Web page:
That the 303 Committee approve this program./3/
/3/At the November 19 meeting of the 303 Committee, the members believed that assistance was "highly desirable," but McGeorge Bundy thought that "the provision of this support on as non-attributable basis as possible was far more essential than simple speed of delivery." He requested that a search be made to see if Japanese or U.S. surplus equipment were available, rather than the latest U.S. equipment. Colby agreed to try, but if other sources were not available, the matter would be referred to the Committee again. (National Security Council, Special Group/303 Committee Files, Minutes, 11/19/65) At the December 17 meeting, Colby reported that CIA had located and purchased equipment similar to that already provided and thus solved the problem of attribution. (Ibid., 12/17/65)
176. Intelligence Memorandum/1/
OCI No. 2942/65
Washington, November 18, 1965.
/1/Source: Johnson Library, National Security File, Country File, Indonesia, Vol. VI, 11/65-5/66. Secret; No Foreign Dissem; Background Use Only. Prepared in the Office of Current Intelligence, Central Intelligence Agency.
POSSIBLE DEVELOPMENTS IN INDONESIA'S
A major source of instability in Southeast Asia has been Indonesia's "confrontation" of Malaysia which began in early 1963. Following the change of political climate in Djakarta, there has been speculation that the Indonesian army might bring an end to confrontation. It is unlikely, however, that the army because of the political liabilities involved and its own anti-Malaysia orientation, is now ready to take such action. In the near future military activity against Malaysia, already at a low level, should not be significantly affected by the Indonesian upheaval.
1. Although there was a massive Indonesian buildup along the Borneo border and in Sumatra, beginning last December and largely completed by May, military activity directed against Malaysia has declined during the past six months. With few exceptions, only routine patroling and minor probing action has taken place along the Borneo border. The last Indonesian attempt to infiltrate an armed guerrilla unit into the Malayan peninsula occurred last March. Indonesian planning for demolition sabotage against the Malayan peninsula has continued but implementation has been limited. During the past two months there has been only one explosion attributed to an Indonesian agent.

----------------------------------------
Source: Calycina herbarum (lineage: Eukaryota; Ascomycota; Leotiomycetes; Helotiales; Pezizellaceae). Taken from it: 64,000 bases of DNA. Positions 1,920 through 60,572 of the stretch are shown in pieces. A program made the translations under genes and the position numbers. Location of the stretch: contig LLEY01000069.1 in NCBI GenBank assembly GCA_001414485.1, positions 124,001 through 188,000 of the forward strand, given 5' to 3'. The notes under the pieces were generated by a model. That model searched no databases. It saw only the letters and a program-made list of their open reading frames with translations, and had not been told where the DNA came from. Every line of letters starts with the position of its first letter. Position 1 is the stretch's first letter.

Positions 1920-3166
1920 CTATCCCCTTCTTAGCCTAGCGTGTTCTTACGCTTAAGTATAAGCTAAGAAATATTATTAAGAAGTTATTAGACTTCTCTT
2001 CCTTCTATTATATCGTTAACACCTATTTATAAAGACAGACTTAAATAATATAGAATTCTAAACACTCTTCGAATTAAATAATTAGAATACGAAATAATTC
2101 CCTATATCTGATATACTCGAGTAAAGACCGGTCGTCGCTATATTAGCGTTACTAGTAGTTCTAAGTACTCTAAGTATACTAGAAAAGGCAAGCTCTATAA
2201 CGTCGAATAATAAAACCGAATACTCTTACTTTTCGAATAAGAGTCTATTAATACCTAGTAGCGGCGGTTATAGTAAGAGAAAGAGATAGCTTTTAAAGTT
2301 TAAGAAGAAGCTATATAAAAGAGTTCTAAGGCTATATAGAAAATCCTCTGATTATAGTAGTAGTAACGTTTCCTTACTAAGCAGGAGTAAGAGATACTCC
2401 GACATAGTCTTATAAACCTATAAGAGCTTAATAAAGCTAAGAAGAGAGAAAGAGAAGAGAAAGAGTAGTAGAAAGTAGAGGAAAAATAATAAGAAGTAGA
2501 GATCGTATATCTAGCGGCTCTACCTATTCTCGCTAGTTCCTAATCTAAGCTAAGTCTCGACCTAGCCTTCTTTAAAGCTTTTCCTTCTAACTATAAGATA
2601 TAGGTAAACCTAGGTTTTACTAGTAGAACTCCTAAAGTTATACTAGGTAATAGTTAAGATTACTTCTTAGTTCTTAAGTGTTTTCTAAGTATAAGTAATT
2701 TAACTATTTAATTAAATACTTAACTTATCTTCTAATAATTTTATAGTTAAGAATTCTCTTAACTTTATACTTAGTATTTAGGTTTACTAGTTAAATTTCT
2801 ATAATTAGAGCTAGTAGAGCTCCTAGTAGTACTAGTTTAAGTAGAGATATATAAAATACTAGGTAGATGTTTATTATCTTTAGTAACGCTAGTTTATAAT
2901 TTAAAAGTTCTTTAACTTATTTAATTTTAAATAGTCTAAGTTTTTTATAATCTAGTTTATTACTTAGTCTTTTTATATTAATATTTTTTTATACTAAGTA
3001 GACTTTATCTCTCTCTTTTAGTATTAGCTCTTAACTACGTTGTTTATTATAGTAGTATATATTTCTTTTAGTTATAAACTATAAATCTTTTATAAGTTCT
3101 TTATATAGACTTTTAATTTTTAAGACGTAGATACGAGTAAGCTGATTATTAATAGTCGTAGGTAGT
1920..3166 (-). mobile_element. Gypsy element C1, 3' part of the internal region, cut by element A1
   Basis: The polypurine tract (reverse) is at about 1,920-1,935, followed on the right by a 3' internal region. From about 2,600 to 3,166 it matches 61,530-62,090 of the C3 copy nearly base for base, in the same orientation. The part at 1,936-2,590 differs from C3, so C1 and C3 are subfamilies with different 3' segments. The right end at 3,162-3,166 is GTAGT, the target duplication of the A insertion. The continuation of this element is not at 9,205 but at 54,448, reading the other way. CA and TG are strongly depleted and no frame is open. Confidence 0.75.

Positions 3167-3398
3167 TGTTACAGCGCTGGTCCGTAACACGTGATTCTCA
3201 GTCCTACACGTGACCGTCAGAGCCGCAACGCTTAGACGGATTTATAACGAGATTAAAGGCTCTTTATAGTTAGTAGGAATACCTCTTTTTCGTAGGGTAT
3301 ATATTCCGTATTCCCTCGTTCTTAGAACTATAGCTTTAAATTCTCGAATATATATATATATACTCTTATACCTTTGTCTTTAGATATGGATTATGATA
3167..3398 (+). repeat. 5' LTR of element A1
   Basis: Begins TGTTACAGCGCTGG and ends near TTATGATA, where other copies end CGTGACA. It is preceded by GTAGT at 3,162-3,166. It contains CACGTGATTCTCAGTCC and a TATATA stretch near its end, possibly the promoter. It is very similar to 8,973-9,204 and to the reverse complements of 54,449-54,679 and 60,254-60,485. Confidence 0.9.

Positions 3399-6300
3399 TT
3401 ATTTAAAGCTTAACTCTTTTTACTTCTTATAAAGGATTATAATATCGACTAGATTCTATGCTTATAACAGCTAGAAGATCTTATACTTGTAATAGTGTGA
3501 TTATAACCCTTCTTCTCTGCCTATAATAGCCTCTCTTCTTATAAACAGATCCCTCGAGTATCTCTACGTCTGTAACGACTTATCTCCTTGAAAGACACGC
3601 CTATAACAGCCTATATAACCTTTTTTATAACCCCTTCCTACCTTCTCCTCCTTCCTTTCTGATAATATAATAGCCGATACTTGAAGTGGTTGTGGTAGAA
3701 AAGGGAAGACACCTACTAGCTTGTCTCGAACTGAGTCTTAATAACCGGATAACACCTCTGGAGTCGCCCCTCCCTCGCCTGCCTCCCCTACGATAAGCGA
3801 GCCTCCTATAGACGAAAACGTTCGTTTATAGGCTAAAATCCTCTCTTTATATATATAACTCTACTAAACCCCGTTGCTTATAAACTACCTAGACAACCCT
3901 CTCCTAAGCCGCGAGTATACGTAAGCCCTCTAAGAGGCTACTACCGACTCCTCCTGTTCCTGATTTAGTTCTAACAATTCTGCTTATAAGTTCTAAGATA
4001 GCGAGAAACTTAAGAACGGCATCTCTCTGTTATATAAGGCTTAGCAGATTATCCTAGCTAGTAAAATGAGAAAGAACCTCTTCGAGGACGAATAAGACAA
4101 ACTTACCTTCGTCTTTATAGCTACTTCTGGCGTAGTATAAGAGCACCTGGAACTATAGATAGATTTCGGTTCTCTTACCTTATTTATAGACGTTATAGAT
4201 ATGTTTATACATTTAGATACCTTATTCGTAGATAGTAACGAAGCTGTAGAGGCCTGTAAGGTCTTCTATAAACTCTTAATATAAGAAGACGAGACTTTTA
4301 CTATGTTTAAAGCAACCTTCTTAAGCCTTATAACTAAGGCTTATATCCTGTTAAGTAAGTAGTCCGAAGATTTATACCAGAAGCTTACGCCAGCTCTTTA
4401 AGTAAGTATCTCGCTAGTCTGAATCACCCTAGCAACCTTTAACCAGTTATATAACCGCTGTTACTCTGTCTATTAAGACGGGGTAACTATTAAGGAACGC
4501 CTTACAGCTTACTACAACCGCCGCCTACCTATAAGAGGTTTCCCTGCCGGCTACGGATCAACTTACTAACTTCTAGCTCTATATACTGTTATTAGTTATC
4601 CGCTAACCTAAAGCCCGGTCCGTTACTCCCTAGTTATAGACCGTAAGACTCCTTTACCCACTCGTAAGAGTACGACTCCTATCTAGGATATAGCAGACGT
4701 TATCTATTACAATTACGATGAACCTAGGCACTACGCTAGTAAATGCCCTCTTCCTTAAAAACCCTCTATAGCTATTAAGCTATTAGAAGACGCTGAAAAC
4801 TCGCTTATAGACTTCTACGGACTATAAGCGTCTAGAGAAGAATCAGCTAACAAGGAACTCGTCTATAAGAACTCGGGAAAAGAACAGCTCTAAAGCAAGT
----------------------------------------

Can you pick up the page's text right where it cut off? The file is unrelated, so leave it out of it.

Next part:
2. This lag in Indonesian activity has resulted in large part from the almost total lack of success the Indonesians have had in their past operations in Borneo and in the Malayan peninsula. In Borneo, effective British cross-border operations have disrupted Indonesian planning and have placed the approximately 17,000 Indonesian troops in the area on the defensive. Since August 1963, when Indonesian infiltration attempts against Malaya began, British and Malaysian security forces have captured or killed over 500 of the nearly 700 Indonesian guerrillas involved in these unsuccessful efforts.
3. Several recent reports have indicated that the Indonesian army now intends to reach a modus vivendi with Malaysia. However, there is reason to doubt whether the army favors an end to confrontation. While opposed to many of Sukarno's internal policies and his fostering of Communist influence, the army in the past has accepted enthusiastically Sukarno's expansionist policies and has apparently been convinced that Malaysia is a British scheme aimed against Indonesia. A good example of the army's somewhat naive international view is the lingering and apparently sincere belief among the army leadership that the British, as well as Communist China, played a role in instigating the "30 September" plot against the army.
4. If the army eventually becomes the ruling force in Indonesia it will inherit a number of pressing economic and social problems compounded by the current unrest. In the past Sukarno made use of foreign adventures and international issues to divert attention from these problems. The army could conceivably feel the need to borrow a page from Sukarno and re-emphasize confrontation.
5. Even should the army want to end confrontation, it would be difficult for it to move in this direction in the near future. After two years of anti-Malaysian propaganda, the average Indonesian considers confrontation a patriotic duty. Even a hint of a conciliatory army position toward "neocolonialist" Malaysia would give Sukarno the ammunition he needs to undermine the army's attempts to maintain its present political initiative.
6. Although, for the above reasons, an early end to confrontation seems unlikely, military activity against Malaysia is likely to remain at a low ebb while the army is deeply involved in political maneuvering and suppression of the Communist Party. The current level of confrontation activity does not require the large numbers of troops now deployed around the periphery of Malaysia. One brigade of troops has recently been returned from the confrontation theater to the now critical areas of Central and East Java, and other similar redeployments can be expected.
7. Malaysian leaders, in recent statements, have indicated they have little hope for a settlement with Indonesia in the near future. However, a new generation of political leadership, more nationalistic, parochially Malay and anti-Chinese in outlook, is now emerging in Kuala Lumpur. If an Indonesia emerges in which Communist influence has been muzzled, Sukarno has been ousted from real power and more moderate leadership prevails, Kuala Lumpur, anxious to present a more "Afro-Asian" image, will be eager for an accommodation with its "Malay brothers" to the south and might take the lead in seeking a settlement.